"I never really planned to be an inventor, but my attitude toward life has always been inventive."
In the modern world, there is an unfortunate tendency to value profit over intellect. People may know a practice is harmful, but continue to do it anyway because it produces an in-demand product. Fortunately, there are inventors who work persistently to develop more responsible solutions. Sally Fox is one such individual.
Prior to Fox's invention of Foxfibre cotton, naturally colored cotton could only be spun by hand – which was such a long and laborious process that businesses instead chose to take white cotton, bleach it, dye it and spin it on a machine. This produced the colored fabrics people wanted, but also created a lot of pollution through the bleaching and dying processes. Sadly, there weren't really any viable alternatives available – that is, until Sally Fox came along in the late 1980s and revolutionized the industry.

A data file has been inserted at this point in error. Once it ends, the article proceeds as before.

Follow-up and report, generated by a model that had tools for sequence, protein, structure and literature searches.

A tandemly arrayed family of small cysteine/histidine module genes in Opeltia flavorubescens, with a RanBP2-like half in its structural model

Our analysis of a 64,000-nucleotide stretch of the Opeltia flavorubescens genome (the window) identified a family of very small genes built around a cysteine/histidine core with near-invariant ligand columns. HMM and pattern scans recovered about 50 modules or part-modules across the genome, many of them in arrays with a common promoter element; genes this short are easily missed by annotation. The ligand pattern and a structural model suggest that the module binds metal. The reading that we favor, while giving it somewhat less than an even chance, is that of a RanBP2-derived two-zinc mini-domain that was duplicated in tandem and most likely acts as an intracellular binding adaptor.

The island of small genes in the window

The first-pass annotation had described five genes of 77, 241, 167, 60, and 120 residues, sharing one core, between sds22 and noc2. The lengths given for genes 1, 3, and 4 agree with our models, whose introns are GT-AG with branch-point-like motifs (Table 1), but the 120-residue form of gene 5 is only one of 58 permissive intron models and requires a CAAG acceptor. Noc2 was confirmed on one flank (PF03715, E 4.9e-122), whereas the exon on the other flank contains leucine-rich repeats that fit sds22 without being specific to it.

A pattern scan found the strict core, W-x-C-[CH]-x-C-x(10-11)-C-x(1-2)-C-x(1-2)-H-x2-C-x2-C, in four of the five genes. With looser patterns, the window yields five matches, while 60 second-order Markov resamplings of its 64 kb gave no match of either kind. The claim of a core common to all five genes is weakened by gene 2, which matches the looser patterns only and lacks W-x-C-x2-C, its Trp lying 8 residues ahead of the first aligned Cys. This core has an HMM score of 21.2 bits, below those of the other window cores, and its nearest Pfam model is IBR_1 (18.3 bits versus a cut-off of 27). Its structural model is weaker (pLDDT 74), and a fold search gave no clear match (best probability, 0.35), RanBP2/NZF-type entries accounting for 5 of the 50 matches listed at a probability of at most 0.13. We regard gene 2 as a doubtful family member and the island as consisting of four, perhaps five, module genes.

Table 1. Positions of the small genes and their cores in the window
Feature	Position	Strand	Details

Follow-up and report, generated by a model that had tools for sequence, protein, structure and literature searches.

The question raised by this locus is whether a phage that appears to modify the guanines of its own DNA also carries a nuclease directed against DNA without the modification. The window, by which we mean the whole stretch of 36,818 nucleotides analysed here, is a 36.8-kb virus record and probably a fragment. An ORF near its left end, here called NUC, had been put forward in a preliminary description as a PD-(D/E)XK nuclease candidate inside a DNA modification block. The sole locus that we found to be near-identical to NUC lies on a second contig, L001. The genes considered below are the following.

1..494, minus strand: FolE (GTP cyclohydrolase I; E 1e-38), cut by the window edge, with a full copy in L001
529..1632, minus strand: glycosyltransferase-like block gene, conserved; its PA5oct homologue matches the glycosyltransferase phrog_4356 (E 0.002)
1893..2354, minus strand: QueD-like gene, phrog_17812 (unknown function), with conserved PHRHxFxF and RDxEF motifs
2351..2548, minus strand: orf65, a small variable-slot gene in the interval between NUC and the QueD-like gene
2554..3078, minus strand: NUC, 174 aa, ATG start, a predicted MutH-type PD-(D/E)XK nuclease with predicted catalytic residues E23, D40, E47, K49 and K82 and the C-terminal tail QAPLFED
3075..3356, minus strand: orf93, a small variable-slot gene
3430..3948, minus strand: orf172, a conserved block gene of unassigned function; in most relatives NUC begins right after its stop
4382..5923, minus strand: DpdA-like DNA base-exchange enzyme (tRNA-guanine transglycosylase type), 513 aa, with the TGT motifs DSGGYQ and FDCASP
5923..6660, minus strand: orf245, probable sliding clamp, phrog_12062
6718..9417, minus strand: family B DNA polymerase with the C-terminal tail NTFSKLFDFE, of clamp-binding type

While working as a pollinator for a cotton breeder looking to develop more pest-resistant plants, Fox began breeding brown and green cotton, picking out the best seeds that produced the longest fibers and replanting them year after year. Eventually, she created two colored cottons that could be spun on a machine, and she purchased a small lot of land to grow them. Sally even received Plant Variety Protection Certificates (the plant equivalent of patents) for the new cottons.
By the early 90s, Sally Fox had a $10-million-dollar business that produced naturally colored cotton for major companies like Levi's, Espirit, Land's End and L.L. Bean. It was the best of both worlds – a more environmentally friendly product that was also turning a profit. After globalization forced most of the spinning mills to South America and Southeast Asia, Fox's business took a hit, but she continues to make new naturally colored cottons to this day. Each new color takes about 10 years to produce – but, for Sally Fox, the patience is worth the payoff.